How strange, these lines from the Kokinshu keep appearing randomly in places that I've happened by. It makes it feels like a lucid/lucent dream!
Macke and I went to the Met yesterday and beelined for the Japanese Art exhibitions. We wanted to see the old works and some new to inspire us for our upcoming trip in March. After viewing the ink drawings and kimono embroidery, we ended up in Astor Court, a beautiful skylit atrium built in the Chinese exhibition area.
It was a good way to feel inspired. After seeing Tosa Mitsuyoshi's pictorial representation of the famous Tale of Genji, I now want to just paint trees. Trees that mainly look like they grow sideways and drip petals.
I am always amazed at how Eastern Art is often coasted over in American art and history studies. The extensive study of Chinese or Japanese art isn't offered in general public education. It might only last a few classes before the focus returns to Western art. Growing up I often wondered why this was. Asian art is so beautiful and intricate and influenced so much of the Western world's cultural artifacts. Once, in college, one of my art professors blatantly told the class how "all of this stuff (referring to Eastern Asian art) looks the same". And we only spent 2 days on it. Can you believe it! I was quietly offended. My classmates didn't seem to mind, but perhaps that is because the standardized education system doesn't equalize the representation. I feel like I now want to incorporate more of these styles into my own future art.
We shall see!
Dave asked if I could resize a postcard I'd designed earlier this month for a new and larger size. I extended the train and created more "sky" space to accommodate a larger body of text. I also added a backside.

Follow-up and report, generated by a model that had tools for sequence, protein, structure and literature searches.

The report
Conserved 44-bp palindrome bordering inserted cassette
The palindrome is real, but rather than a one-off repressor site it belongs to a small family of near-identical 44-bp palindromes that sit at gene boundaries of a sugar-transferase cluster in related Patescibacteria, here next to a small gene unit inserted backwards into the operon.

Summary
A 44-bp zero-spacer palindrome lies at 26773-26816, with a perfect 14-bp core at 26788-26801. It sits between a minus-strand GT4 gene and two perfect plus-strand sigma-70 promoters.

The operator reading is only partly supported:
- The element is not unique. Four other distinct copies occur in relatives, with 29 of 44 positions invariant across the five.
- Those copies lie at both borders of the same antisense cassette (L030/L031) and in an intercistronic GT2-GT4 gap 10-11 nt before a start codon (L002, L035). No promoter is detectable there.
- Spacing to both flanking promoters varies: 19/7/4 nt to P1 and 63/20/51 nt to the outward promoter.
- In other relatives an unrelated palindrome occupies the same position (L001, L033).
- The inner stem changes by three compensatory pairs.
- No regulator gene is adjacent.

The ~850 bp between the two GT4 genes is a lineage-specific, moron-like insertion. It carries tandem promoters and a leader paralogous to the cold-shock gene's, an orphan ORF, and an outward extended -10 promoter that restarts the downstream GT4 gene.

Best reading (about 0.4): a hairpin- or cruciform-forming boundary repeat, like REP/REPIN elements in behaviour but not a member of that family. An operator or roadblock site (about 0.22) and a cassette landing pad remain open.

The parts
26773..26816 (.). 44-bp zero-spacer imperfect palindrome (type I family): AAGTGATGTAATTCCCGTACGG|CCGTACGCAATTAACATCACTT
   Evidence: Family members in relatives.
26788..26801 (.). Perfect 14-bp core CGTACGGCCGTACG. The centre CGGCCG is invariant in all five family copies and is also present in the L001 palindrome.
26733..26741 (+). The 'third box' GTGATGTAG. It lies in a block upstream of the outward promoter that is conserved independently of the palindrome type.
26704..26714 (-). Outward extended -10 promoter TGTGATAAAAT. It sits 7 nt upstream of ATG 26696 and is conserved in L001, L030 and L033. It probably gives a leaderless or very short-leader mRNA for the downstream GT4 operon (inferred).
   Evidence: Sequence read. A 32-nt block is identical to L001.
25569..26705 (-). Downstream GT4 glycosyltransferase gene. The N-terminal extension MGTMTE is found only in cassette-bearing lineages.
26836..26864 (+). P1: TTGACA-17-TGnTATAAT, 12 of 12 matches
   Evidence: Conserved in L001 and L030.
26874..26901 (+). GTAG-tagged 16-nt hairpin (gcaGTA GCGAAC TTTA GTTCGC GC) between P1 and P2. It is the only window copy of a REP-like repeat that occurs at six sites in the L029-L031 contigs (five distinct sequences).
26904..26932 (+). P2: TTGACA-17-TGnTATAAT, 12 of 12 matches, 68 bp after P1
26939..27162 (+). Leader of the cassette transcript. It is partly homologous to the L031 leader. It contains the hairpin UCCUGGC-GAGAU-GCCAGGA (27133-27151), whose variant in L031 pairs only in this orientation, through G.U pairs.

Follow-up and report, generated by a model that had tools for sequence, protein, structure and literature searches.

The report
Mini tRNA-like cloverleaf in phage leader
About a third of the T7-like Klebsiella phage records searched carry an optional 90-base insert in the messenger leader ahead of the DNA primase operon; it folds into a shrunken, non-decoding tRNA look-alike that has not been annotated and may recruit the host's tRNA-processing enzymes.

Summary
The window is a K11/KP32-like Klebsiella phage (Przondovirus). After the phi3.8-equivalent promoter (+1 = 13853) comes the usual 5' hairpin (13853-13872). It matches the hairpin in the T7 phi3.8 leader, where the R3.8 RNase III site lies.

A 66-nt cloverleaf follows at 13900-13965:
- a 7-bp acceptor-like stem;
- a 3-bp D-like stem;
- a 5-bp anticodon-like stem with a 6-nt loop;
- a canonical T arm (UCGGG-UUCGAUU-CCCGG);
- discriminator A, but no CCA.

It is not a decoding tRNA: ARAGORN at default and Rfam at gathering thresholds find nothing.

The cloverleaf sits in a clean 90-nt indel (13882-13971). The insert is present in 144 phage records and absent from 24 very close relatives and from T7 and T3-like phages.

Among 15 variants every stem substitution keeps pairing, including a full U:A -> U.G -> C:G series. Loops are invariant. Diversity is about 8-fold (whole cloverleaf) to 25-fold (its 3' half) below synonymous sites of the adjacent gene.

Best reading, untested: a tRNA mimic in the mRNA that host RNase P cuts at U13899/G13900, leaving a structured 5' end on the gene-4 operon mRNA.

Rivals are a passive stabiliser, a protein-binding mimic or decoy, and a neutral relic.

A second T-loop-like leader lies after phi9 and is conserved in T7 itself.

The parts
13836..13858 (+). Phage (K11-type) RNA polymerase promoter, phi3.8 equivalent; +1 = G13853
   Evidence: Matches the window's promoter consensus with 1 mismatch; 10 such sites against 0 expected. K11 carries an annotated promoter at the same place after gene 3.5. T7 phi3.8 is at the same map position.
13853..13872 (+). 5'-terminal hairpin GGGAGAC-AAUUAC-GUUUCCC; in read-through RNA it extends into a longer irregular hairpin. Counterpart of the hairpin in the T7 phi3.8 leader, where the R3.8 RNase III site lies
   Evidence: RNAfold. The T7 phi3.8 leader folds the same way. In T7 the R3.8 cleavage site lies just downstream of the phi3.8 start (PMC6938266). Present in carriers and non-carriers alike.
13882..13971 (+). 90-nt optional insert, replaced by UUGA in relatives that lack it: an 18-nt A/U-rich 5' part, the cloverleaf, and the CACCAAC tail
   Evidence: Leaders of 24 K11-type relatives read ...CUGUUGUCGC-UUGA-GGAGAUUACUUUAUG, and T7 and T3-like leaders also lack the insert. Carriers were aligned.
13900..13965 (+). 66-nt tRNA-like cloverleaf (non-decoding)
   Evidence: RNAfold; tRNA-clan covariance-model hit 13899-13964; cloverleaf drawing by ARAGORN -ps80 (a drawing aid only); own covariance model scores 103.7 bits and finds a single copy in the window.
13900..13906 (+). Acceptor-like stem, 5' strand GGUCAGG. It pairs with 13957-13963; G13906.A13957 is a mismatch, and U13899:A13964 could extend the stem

Click each to enlarge.
2 more days to sign up for LittleJoy's Winter Blooms Workshop & Luncheon, then we'll see you on Saturday for our workshop and brunch!
Looking back on how this all started -- WOW. When Katy approached Melina and I last year to create this collective of the three of us--pool our talents and offer classes (and a women's retreat!)--I was juggling wedding planning and my day job and moving back to Brooklyn...there was so much going on! But I love what we are doing. We're opening up our space and our hearts to folks,providing creative nourishment just by way of the medium, and showing them how to enjoy the little things. Melina does an amazing job teaching her floral class, going in depth and providing true encouragement. Katy is so smart with her research on food and the ethics and flavor behind it all.
We want to make flowers and understanding them accessible to people. Sourcing them in NYC, the seasonal varieties...we noticed that taking a floral class from any of the big names costs so much! (We're talking between $500-$1000). What ?!?!? And you don't even get the kind of amazing menu we're designing. I am excited to share with everyone that we want to do it differently -- put back the heart in it and truly create an experience for folks to pluck themselves out of the daily grind, have a "littlejoy" and then take it with them to flourish elsewhere.
Here is a retrospect on Autumn 2016's LittleJoy gathering up the Hudson:
I got new gouache paints and brushes for them. I started illustrating new images for work, but during my lunch I took a break to practice a study in expressions. I call these "boys of today".